Instant Article Wizard: Well, it makes articles. Instantly. Originally, this tool was created to easily produce content to feed internet sites. It contains several tools. One tool uses Google to collect information (whatever quantify you want) on any subject you choose; you then determine the characteristics of the article you want, such as the number of paragraphs and the number of words. A second tool parses this information and standardizes the grammar so that it reads as if your “article” had a single author. The next tool, changes the wording in the article so that individual sections are not identical with the original, thereby circumventing any issues of plagiarism. When it’s done, you have a very readable and reasonably well researched article.

  •  Use: Any research or library group receives requests for background information. Data Source such as Thomson Financial provides Tools to collect and produce reports and article like documents, but sometimes the data you want is in the “unverified” world of data that Google accesses. If this is the right source of data, and you want to write a quick overview on a subject, this is a great way to save some time.  If you want a one or two page overview on a subject, this software produces quite readable documents. ( )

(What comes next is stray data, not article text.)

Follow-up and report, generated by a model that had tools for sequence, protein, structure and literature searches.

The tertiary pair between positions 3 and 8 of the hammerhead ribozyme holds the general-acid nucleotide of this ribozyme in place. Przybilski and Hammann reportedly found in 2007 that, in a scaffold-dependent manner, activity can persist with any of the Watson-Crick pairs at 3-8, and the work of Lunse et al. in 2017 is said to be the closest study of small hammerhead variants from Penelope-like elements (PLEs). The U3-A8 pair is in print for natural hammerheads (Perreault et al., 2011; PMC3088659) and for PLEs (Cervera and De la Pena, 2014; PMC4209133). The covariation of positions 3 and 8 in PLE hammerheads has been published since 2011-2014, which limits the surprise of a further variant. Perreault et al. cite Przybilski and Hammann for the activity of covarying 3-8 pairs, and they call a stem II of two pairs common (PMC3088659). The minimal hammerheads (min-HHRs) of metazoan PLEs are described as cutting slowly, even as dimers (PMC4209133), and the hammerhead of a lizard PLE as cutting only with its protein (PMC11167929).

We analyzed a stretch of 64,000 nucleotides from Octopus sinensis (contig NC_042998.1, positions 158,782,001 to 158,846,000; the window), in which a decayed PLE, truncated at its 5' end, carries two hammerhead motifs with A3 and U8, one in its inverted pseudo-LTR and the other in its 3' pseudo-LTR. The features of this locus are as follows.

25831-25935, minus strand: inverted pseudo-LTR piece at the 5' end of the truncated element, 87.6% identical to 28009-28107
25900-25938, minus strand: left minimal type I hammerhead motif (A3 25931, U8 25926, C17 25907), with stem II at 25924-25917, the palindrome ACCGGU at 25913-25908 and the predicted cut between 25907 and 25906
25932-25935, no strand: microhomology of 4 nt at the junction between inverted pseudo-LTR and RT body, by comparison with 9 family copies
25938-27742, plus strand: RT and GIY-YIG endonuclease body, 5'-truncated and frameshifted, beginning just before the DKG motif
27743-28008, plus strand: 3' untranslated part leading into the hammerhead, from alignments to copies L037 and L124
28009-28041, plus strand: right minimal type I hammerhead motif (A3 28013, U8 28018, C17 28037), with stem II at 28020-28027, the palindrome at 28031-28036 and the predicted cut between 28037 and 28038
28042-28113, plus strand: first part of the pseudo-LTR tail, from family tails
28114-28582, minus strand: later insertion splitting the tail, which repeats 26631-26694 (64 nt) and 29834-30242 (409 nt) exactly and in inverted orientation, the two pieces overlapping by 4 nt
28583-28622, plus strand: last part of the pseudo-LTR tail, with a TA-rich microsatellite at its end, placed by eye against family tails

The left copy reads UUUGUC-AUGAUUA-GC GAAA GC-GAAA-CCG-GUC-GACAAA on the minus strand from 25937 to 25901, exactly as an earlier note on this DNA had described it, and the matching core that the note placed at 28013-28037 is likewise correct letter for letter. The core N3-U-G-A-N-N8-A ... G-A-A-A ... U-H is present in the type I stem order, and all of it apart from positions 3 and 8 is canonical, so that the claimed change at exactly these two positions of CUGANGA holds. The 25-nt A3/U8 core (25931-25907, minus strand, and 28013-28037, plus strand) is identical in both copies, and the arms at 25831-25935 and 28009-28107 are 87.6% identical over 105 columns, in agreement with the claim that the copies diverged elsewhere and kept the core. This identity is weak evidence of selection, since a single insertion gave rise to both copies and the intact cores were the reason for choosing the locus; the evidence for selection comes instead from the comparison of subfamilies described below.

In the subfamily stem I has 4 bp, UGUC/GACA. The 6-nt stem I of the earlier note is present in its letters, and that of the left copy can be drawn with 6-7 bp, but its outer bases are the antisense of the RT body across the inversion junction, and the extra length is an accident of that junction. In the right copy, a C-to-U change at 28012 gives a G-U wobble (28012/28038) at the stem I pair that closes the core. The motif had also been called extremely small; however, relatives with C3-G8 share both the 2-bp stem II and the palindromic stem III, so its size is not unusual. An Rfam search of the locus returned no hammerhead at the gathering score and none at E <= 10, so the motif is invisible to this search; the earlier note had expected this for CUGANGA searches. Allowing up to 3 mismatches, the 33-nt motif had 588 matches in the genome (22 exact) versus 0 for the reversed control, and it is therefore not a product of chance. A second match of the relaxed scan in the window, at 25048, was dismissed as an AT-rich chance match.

Digital Identity Calculator: If you support a legal firm, consulting firm or an Investment Bank (as well as other highly paid services), the reputation and standing of the
firms billable professionals greatly influence the amount of business your firm can bring in and the rates you charge. But how do you measure reputation? This tool is a great start. Essentially you Google someone, look at the results, fill out a few data fields based on the result and get a graphic that maps the volume of hits versus their relevance. You can produce a report in about 2 minutes, or you can supplement this with other information to develop a “reputation” rating. The methodology might vary from department to department, but this might be a very valuable product for the head of a revenue producing department… especially if it addresses how to increase reputation. This might be launched by any of these groups or by a combination of: Corporate Library, Marketing, or HR.  ( )

And that’s a quick roundup.  This is an eclectic collection of tools, but I hope that it gives you a few ideas about ways to add value to your organization. And that’s my Niccolls
worth for today!